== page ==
finite element modeling Markup Language   

Site Map



Back Up Next

XML links

Issues UMLspecification of DTDs Examples Station-To-Station


    The distance to be traveled for the development of a comprehensive femML standard is very long. Experience from other efforts has shown that on one hand no specification can end up becoming a standard if it does not have the support of industry, government, and academia. On the other hand experience has also shown that no standard is any good if it is not used by end-users in all of these sectors.

    In addition to the economic and political factors that play a role in developing and adopting standards there are always technical reasons mostly associated with the derivable utility, that can make or brake a standard. The technical issues that we can foresee that will play an essential role in femMLís adaptation and usage are the following:


Scale of Generality:

     Should we be thinking in extending femML to cover finite difference discretizations with all their idiosyncrasies, boundary element discretizations, hybrid discretization or even non-discrete models of continuous systems. For that matter should we be thinking of a femML or discrete model representation Markup Language (dmrML), or even a "physical model behavior representation Markup Language" (pmbrML)? It appears that the latter would be the most inclusive and general . However, very ambitious goals may provide all kinds of reasons for not realizing these goals. This is an issue that a decision cannot be taken a-priori before considering resources and support.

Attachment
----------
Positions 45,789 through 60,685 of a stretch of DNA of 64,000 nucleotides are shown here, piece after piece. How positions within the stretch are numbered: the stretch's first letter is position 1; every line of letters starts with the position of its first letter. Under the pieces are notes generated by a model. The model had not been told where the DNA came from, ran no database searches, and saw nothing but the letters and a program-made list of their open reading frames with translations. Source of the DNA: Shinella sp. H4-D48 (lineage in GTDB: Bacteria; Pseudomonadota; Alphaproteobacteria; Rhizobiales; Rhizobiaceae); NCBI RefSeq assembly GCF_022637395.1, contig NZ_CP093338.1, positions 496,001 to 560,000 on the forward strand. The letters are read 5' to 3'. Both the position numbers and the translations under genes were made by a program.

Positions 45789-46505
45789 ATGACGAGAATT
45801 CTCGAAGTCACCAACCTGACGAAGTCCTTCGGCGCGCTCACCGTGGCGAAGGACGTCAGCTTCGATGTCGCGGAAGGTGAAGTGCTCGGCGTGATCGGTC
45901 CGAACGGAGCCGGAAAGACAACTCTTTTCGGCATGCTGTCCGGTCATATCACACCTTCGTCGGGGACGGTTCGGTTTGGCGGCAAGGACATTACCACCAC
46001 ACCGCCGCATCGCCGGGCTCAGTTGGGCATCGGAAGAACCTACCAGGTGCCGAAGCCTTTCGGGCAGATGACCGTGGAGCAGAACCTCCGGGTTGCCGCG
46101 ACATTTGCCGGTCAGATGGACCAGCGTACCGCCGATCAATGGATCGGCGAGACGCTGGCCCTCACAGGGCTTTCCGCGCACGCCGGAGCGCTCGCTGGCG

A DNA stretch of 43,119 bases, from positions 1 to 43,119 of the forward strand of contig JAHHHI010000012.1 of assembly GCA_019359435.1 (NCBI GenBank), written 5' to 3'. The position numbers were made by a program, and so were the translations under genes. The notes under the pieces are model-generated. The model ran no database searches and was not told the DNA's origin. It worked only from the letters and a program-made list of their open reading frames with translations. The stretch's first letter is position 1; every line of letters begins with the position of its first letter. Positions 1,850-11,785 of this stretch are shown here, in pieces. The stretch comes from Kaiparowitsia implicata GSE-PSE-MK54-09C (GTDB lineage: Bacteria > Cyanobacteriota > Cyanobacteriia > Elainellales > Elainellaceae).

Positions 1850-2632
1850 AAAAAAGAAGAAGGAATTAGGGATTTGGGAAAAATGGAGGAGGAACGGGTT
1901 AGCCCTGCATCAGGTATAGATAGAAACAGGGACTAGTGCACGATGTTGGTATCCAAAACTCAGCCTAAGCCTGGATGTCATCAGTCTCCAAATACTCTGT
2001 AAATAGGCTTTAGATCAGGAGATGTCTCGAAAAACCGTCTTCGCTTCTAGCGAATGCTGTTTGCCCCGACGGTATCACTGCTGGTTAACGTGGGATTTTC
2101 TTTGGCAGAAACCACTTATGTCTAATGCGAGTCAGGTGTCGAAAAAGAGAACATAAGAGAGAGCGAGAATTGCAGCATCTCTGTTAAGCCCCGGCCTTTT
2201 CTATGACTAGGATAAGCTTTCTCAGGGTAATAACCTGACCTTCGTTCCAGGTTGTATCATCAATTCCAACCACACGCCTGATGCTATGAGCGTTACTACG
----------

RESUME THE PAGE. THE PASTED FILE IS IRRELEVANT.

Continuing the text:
Separation between Appearance and Behavior:

     The current DTD implementation (v. 1.02) follows a strict FEM data file structural architecture. Information holding the geometry information of the 3D model is included along with loading, material and results specification. However, there are reasons for altering this situation. If we consider that there might be cases that the data that need to be exchanged are going to be based only on a particular subset of the original, then we have consider structuring the file in such a way that is easier to access and transfer data subsets of particular nature. The geometry model that is responsible for the appearance of the model, and the loading, material and results specifications that capture the behavior part of the model are two subsets of this type. The question at issue is under what conditions should we restructure the DTD to attach them under separate elements in order to facilitate transformation? In view of the existence of X3D and XSIL a direct mapping between their elements and the geometry elements of our DTD could be possible. The disadvantage of overextending such an approach may lead to a very verbose data file. However, since files like this are not intended to be human readable (although it actually is) but rather machine-readable. This issue will most likely be resolved from the need to integrate horizontally with other industries (i.e. entertainment industry) that may require CAx models. The alternative version v. 2.99b is attempting to address this issue.